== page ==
Having hypo symptoms

I'm hoping someone can help. I am not getting on well with the Levothyroxine - it makes my symptoms worse and not better. I went to the GP 3 times last week to talk about my results and that I feel no benefit on the Levothyroxine - 2 of the GPs asked me if everything at home was ok, which I knew they were. :(

My symptoms are mostly physical ones and the last GP I saw said that my symptoms could be from mental distress. I've had these symptoms for 4 years but diagnosed hypo a year ago. I am on 150mcg and the GP will not raise my dose of Levothyroxine because he said my Free T3 looks optimal and my TSH is now under range which the GP is now worried about.

The GP has put me on Ferrous Fumarate 210mg 1 tablet 3 times a day because my iron is low.

My symptoms don't suggest I'm overtreated but the opposite and they're causing me a lot of worry. I didn't take the Levothyroxine 24 hours before the test; I took it straight after I got home from the blood draw.

1. The front of my neck feels irritated as if it's itchy but the itchiness is inside my neck like it's fizzy. Ultrasound has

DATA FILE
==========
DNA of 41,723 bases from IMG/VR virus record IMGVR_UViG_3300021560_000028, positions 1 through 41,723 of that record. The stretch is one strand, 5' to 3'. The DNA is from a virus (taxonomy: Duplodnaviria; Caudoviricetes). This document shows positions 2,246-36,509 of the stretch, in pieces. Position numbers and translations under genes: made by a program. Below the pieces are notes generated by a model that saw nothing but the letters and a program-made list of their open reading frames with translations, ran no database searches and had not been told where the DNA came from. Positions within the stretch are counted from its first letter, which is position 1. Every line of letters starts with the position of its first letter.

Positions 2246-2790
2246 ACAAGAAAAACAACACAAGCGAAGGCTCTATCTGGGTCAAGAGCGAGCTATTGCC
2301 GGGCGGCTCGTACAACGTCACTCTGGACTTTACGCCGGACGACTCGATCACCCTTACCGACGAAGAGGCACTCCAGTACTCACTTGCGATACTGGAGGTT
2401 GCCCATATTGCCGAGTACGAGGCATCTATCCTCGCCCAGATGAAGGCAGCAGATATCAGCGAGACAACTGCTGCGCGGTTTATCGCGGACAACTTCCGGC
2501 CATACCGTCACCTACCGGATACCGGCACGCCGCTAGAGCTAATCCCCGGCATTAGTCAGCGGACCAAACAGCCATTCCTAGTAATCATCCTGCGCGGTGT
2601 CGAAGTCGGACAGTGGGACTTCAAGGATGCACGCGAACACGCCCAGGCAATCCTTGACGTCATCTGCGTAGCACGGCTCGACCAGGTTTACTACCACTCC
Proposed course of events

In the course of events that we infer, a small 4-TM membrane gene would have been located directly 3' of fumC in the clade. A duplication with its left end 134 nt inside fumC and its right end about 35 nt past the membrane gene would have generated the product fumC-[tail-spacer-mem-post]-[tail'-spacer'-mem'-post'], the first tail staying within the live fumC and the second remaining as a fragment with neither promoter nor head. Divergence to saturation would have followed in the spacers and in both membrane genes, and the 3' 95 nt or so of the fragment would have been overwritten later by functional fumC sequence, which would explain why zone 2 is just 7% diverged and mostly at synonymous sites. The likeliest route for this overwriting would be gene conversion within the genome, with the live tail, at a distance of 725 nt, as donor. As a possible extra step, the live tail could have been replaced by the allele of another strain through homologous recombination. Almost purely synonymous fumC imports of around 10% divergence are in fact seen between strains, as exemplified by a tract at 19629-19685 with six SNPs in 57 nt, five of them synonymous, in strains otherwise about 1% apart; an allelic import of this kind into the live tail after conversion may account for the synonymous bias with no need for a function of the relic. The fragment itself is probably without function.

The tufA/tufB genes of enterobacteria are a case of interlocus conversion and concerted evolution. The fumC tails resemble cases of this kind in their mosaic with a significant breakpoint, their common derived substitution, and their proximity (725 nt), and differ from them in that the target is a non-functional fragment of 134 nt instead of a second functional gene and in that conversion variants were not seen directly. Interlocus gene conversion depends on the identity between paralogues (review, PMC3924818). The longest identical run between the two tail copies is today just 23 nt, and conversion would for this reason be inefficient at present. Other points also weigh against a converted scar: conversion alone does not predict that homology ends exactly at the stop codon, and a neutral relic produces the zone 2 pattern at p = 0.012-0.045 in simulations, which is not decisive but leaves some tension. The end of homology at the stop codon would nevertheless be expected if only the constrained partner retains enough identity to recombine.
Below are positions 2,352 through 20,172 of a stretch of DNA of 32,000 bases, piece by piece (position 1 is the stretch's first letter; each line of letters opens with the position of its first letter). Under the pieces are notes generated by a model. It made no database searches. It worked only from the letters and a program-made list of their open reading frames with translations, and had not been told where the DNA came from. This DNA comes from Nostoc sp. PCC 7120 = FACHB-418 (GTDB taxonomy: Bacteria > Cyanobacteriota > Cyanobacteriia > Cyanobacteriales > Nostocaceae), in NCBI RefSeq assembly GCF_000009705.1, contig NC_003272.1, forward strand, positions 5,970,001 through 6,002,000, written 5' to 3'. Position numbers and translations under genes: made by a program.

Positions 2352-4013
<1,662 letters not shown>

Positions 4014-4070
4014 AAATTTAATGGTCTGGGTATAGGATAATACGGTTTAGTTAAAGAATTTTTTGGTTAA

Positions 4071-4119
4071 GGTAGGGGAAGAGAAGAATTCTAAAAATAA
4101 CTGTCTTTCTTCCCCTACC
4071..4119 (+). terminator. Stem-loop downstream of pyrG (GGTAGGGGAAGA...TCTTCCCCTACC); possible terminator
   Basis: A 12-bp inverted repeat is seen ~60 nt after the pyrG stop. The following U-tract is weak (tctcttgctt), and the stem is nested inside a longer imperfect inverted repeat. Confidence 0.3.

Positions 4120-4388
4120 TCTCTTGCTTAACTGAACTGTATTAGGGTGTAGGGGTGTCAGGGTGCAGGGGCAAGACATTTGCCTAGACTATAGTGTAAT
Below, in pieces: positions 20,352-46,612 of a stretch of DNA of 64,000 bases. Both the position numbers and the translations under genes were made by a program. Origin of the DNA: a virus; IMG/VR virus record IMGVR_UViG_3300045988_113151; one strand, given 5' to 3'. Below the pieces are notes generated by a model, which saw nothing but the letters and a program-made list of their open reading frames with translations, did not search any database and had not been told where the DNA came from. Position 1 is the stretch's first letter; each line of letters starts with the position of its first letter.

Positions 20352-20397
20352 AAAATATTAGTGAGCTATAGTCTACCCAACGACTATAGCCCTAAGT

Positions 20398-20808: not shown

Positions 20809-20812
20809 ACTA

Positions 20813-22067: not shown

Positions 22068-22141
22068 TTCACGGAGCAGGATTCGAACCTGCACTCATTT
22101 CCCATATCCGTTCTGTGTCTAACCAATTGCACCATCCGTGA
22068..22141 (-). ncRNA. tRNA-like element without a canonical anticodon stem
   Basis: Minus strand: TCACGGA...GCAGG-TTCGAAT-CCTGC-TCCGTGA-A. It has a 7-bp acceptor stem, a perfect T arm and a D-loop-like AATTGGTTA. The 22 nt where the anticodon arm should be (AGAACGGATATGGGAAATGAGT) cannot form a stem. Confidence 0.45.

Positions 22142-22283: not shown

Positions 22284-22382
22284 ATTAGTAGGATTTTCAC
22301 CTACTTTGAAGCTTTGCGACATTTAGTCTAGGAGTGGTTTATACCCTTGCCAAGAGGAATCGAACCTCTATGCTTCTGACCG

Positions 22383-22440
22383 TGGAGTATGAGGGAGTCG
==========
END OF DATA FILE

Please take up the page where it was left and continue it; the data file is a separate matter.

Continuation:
confirmed the thyroid is enlarged but the lobes are both the same size and shape.

2. The blood drains out of my hands and feet within minutes and I get very bad pins and needles.

3. I get dizzy upon standing from sitting/lying down and I get a whoosing sound through my ears into my head.

4. I don't have bowel movements for a few days and one day I get a sudden urge to go and it comes out hard.

5. I can sleep for about 13 hours a day and I get tired out easily.

6. I have stopped sweating.

7. The skin on my fingers, face and arms is dry so I use Nivea and organic products to help with this but the dry skin has not gone away.

8. My periods used to be heavy but they are now much lighter and are black.

9. I have got spots all over my face.

10. I have got new hair growing on my face and I am always shaving it off. My armpit and leg hair grows back quickly.